When a songwriter at Jack Hardy’s weekly songwriters group would explain what he or she was about to sing, Jack Hardy would say, “Shut up and sing the song.” Abrupt, and to some, rude, but a valid procedural point for a workshop, even more notable in its good advice to the writer.
Let the work speak for itself. If something is important enough, yet is not on the page, or in the lyrics, put it in there. Rework or revise it later if you need to, if what you mean is not conveyed through your magic lattice of words, sounds, syllables.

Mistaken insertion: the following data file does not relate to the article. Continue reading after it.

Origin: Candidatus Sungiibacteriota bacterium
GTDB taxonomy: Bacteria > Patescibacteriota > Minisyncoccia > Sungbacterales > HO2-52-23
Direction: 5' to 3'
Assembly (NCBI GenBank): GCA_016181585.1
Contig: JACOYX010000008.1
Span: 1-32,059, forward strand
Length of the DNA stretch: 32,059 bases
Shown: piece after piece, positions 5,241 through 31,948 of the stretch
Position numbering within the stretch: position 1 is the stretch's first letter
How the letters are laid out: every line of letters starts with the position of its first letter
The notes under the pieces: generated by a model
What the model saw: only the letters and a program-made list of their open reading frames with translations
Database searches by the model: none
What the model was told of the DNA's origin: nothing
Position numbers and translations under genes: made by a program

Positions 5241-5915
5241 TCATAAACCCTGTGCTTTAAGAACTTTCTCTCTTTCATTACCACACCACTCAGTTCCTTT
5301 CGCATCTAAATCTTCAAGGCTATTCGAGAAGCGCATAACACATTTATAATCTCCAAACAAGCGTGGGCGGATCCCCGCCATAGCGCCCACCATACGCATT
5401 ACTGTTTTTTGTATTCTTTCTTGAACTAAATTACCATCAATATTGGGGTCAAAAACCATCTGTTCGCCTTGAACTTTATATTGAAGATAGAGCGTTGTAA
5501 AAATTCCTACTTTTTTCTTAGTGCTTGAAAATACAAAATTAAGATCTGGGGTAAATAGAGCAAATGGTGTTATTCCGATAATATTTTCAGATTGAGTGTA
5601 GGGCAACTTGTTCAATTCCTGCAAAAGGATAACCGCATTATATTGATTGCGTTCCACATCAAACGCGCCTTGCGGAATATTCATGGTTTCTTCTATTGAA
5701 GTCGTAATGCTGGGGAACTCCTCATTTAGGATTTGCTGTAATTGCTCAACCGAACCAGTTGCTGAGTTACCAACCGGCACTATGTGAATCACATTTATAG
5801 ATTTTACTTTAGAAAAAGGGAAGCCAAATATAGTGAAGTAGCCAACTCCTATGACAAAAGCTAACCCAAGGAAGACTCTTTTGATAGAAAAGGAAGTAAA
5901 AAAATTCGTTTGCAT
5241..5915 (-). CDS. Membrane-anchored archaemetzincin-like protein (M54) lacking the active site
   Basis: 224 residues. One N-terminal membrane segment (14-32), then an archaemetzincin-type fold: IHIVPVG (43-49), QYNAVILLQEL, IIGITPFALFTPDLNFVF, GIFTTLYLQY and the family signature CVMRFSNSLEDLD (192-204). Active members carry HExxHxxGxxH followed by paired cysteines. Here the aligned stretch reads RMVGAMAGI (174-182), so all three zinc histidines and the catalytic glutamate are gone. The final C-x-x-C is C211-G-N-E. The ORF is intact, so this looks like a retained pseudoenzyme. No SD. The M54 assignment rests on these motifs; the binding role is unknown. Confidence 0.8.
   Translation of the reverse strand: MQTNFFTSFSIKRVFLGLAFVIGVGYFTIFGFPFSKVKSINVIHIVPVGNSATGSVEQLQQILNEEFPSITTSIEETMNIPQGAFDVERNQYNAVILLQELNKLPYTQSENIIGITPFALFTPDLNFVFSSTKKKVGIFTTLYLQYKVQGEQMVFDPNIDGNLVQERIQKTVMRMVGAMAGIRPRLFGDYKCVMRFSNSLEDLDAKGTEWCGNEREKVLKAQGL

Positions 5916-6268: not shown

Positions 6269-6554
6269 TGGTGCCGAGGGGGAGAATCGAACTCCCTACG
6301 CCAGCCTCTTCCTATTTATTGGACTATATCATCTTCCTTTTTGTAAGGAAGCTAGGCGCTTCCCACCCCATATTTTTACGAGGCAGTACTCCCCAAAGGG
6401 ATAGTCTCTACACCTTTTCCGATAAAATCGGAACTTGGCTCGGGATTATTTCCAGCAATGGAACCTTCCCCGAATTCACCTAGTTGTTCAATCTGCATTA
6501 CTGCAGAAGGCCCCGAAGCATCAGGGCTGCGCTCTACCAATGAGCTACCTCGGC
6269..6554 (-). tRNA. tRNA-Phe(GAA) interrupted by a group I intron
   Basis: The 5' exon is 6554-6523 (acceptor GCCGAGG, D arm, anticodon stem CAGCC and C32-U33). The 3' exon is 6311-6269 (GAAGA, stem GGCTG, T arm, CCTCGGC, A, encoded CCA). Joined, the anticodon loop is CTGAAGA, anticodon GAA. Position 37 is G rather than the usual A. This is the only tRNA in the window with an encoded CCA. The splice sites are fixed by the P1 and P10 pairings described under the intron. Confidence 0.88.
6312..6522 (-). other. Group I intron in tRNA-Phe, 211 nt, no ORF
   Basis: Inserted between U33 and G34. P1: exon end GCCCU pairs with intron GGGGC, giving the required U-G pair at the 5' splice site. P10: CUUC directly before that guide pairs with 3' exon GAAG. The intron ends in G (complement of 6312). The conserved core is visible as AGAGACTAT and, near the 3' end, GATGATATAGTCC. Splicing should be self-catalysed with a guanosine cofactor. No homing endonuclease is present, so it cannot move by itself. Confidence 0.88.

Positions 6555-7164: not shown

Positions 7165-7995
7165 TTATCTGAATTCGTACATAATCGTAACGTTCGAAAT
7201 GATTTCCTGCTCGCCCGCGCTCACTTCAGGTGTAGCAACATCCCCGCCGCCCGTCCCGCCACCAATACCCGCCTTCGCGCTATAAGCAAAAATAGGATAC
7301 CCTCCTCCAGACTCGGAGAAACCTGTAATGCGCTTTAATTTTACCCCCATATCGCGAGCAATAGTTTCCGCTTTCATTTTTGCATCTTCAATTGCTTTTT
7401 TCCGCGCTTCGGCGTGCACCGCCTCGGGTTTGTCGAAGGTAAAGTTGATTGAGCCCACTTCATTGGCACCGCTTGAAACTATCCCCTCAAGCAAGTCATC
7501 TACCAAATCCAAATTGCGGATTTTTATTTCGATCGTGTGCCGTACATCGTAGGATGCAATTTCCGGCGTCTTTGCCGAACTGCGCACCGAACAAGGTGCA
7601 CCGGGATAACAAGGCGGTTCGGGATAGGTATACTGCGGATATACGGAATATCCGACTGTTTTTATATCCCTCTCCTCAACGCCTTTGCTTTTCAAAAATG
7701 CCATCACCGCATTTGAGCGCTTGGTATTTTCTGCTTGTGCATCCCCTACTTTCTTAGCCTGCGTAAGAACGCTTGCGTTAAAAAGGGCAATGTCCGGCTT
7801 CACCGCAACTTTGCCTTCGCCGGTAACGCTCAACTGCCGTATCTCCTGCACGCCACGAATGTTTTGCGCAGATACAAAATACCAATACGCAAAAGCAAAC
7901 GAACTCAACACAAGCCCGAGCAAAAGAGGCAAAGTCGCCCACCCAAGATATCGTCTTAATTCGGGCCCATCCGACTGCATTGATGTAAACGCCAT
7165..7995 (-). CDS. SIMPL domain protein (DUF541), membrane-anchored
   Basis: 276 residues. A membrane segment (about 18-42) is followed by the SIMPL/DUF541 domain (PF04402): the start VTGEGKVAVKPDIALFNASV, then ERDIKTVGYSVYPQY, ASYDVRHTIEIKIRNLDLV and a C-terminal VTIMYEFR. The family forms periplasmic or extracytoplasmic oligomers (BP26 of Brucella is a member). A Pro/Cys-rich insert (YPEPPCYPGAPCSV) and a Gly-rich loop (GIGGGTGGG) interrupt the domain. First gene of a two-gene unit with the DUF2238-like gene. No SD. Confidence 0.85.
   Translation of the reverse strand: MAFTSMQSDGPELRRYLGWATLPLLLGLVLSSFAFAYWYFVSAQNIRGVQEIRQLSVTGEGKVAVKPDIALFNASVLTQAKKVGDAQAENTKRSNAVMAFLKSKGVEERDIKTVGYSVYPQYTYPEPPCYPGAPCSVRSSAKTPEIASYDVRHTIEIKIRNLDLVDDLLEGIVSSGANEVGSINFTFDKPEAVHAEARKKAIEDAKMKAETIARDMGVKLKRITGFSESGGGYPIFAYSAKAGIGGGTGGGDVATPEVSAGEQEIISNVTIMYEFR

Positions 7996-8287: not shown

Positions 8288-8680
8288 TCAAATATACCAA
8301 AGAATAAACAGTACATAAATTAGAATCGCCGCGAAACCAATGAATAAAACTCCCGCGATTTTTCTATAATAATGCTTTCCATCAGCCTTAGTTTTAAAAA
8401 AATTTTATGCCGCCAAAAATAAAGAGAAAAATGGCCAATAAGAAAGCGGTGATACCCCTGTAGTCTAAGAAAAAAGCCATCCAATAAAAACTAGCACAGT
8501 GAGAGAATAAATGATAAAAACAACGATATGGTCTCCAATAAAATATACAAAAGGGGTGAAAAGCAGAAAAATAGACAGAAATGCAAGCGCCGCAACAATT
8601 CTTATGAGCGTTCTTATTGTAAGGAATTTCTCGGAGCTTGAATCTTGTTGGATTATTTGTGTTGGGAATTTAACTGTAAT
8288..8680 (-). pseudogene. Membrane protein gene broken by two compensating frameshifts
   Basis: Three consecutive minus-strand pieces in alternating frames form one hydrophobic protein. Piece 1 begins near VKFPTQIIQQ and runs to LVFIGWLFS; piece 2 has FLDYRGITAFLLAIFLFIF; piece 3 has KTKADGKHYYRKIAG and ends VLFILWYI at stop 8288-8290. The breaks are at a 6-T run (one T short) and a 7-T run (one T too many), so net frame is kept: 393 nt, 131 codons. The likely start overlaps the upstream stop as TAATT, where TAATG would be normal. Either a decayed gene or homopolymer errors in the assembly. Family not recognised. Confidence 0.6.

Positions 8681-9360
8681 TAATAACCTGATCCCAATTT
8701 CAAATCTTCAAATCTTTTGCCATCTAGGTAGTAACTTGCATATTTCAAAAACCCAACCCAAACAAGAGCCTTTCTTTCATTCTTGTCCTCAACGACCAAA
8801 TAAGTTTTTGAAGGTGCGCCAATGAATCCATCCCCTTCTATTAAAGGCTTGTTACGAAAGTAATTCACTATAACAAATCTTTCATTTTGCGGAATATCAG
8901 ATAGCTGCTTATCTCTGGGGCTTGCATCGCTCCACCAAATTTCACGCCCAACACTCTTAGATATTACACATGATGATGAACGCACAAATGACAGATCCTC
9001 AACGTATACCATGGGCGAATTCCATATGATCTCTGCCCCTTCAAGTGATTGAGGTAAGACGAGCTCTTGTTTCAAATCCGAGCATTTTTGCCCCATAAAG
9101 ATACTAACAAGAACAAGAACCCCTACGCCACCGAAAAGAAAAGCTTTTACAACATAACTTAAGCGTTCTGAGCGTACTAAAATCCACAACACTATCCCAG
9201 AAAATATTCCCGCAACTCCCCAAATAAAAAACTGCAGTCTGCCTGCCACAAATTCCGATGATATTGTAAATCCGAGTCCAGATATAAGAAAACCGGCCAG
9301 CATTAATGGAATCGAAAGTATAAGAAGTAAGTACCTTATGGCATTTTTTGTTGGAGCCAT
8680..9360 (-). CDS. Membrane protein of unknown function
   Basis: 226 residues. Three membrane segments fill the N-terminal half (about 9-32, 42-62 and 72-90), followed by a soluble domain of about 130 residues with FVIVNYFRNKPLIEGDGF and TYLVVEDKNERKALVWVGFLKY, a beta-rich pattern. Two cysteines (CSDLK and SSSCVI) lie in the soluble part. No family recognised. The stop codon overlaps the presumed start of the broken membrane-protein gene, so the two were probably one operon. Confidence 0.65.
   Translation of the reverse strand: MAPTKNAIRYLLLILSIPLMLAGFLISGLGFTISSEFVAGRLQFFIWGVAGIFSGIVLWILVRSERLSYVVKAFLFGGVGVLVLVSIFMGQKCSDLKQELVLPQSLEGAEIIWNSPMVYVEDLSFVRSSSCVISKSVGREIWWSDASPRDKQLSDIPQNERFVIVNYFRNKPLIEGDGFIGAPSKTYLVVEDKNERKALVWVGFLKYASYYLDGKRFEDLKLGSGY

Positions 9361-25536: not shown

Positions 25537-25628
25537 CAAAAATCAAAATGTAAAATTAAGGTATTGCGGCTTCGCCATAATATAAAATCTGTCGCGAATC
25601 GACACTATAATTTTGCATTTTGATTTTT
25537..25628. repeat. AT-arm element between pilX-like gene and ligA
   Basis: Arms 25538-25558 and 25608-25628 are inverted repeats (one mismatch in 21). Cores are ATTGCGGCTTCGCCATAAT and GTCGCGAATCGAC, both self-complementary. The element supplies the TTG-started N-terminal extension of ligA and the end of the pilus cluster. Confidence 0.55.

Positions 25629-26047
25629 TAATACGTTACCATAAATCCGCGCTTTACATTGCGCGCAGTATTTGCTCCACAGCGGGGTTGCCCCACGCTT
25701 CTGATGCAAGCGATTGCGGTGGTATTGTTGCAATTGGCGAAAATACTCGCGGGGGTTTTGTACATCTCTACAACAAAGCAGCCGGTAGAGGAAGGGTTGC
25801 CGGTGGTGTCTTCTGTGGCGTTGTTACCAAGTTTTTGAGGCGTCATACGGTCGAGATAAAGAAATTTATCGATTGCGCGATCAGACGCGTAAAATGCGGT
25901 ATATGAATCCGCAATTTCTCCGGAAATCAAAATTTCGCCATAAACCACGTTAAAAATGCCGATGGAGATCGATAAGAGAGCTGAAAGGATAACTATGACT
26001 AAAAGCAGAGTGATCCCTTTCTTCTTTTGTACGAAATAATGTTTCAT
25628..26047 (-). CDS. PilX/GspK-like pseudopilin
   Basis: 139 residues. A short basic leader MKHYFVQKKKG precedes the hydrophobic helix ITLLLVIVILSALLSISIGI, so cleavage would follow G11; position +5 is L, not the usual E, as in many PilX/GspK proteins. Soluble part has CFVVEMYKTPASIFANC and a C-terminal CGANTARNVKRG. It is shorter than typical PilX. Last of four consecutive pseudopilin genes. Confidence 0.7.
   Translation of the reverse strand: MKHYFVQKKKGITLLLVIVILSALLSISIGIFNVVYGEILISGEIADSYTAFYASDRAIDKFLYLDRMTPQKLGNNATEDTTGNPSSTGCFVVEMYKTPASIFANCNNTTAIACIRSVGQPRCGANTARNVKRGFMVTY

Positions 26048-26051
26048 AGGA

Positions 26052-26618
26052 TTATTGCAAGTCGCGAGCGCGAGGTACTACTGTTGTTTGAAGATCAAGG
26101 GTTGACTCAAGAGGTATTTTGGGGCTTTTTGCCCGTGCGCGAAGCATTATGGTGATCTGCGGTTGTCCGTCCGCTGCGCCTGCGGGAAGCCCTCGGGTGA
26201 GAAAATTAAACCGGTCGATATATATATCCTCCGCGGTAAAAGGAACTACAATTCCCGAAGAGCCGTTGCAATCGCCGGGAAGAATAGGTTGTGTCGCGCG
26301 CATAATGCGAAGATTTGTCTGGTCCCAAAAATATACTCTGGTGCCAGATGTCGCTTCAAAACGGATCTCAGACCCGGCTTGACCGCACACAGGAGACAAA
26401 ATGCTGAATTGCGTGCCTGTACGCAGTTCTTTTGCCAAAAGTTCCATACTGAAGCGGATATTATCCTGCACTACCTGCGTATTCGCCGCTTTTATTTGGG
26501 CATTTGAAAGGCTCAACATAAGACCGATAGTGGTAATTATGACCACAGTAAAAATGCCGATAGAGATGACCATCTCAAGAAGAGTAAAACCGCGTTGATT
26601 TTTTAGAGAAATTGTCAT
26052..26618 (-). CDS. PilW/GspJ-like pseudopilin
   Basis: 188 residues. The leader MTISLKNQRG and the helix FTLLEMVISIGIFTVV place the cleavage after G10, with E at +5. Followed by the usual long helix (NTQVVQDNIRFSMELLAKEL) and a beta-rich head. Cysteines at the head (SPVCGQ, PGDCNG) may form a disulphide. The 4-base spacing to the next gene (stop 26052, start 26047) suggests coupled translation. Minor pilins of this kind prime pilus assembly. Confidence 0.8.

I’ve stolen Jack’s line when approaching fiction workshops: it applies. I feel very rude ever telling someone to “shut up,” and usually preface it with context. As an imperative to action, “Shut up and sing the song” is simple and worth doing. (I’m talking to myself, too. For years, I whined about how I wanted to write and yet was not doing it.) Shut up about what you want to do, wish you could do, mean to do, intend to do.
Shut up and sing the song.